Buyers jostled to buy the ever-diminishing field of cattle at VLE Leongatha this week.
The yarding of around 1290 head was once again of variable quality.
Phelan & Henderson & Co agent Simon Henderson pointed to the impact of the dry autumn, followed by a cold winter.
"The cattle are healthy and strong but they're certainly not fat," Mr Henderson said.
On the other hand, Mr Henderson said, some older cattle from the coastal Anderson area looking "quite good and quite forward in condition" were sold to fatteners.
Mr Henderson said there was quite a spread of buyers at the sale.
"Some professional bullock fatteners, having got very good prices for bullocks over the last six or eight weeks looking to replace cattle.
"There were also some domestic feedlot operators and export feedlot operators looking to buy heavy, well bred cattle to finish on grain over the next short term for the markets they're supplying."
Remarkable, Mr Henderson said, was the number of number of cattle destined for east Gippsland.
"It's good to see some people coming down here from east Gippsland, having been ravaged by drought and still doing it very hard, not having had much rain."
Mr Henderson said the arrival of restockers from the east was a sign of confidence.
"Hopefully they can get a break and we see more of their buyers coming back down to try and get their herds going again because we know that they've sold a significant number of their cattle whether they be yearlings or breeders and ran out of water," he said.
"We're hoping for a quick turnaround for the east Gippsland folks."
Landmark agent Brian McCormack described the sale as a "pretty strong market".
"A couple of feedlots were there and a representative from a third was inactive due to the lack of suitable pens," Mr McCormack said.
"A lot of the bigger steers were too old for them."
With quality cattle so rare, better lines were in hot demand.
"Better conditioned cattle, especially weaner calves, sold well," he said.
Among them were 14-month-old black baldy steers from Lowanna Properties of Bombala, NSW.
The lead pen weighing an average of 354kg made $1250 a head or 353 cents a kilogram while the second pen weighing 316kg reached $1120 or 354c/kg.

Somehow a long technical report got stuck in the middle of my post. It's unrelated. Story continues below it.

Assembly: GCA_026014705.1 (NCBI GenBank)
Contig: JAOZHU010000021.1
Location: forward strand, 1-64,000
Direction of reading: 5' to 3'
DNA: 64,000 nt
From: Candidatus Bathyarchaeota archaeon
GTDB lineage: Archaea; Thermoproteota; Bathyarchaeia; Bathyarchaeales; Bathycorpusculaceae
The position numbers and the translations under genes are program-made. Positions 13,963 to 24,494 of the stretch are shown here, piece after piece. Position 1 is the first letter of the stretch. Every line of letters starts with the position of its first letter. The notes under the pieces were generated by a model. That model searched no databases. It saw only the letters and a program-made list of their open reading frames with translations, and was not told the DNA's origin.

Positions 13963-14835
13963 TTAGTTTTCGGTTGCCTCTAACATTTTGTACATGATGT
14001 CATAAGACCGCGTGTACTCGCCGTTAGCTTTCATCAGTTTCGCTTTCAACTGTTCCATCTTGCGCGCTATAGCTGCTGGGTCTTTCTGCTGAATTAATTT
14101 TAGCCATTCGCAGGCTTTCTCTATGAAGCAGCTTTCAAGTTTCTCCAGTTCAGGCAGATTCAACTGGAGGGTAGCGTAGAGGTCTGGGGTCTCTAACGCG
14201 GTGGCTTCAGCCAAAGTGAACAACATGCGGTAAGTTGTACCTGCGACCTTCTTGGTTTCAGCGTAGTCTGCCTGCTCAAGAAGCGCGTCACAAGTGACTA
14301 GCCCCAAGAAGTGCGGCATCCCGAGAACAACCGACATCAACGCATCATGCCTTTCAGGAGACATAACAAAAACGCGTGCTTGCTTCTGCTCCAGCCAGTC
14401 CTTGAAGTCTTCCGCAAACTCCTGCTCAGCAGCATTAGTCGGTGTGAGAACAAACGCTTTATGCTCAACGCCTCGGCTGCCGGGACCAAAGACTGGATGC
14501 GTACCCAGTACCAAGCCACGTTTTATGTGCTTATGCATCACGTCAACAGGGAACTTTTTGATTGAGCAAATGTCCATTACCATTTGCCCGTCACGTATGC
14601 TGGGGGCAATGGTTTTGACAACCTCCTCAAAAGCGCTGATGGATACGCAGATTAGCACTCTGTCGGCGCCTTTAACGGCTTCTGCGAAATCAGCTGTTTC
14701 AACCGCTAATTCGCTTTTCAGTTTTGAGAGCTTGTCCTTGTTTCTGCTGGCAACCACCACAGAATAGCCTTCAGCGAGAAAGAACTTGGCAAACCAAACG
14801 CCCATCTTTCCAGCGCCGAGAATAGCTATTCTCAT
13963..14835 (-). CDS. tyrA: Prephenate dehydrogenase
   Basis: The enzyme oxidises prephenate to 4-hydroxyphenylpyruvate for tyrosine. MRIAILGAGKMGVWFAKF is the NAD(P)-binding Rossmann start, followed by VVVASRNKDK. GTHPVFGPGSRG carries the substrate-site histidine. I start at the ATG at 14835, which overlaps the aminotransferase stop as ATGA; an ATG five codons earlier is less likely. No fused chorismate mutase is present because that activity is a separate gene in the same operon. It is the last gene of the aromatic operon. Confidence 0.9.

A dozen Angus 10 to 12-month-old steers from T & P Handcock of Lance Creek weighing 323kg sold for $1240 or 384c/kg and a second 282kg pen made $1010 to 358c/kg.
The buyers from Cann River in east Gippsland who had impressed Simon Henderson with their courage bought two pens of Angus heifers in a run of two-year-olds from David and Penny Conn of Hedley.
The run of 59 Rosedale & Antu (Tas) blood heifers were reared on Flinders Island 2 years old and PTIC to begin calving in a fortnight.
They averaged $1496, which Mr Henderson described as a "fantastic result".
The first pen of "chunky" heifers weighing 488kg fetched $1640 or 336c/kg.
The second pen of taller heifers also made $1640 but their 502kg weight brought the value down to 326c/kg.
"There is good depth in the buying fraternity and finding cattle to buy that suit purchasers' requirements, particularly breeders, is going to be very challenging and could be for the next two years," Mr Henderson said.
Wallanbeen's five 12 to 14-month-old, 371kg heifers made $1040 or 280c/kg.
B Hinson of Hazelwood North sold 15 heifers aged 10 to 12 months and weighing 280kg made $860 or 307c/kg.
Six 305kg Charolais heifers sold for $940 or 308c/kg.
Mr McCormack said buyers could look forward to a good run of Angus calves from Sale at the next Leongatha store market.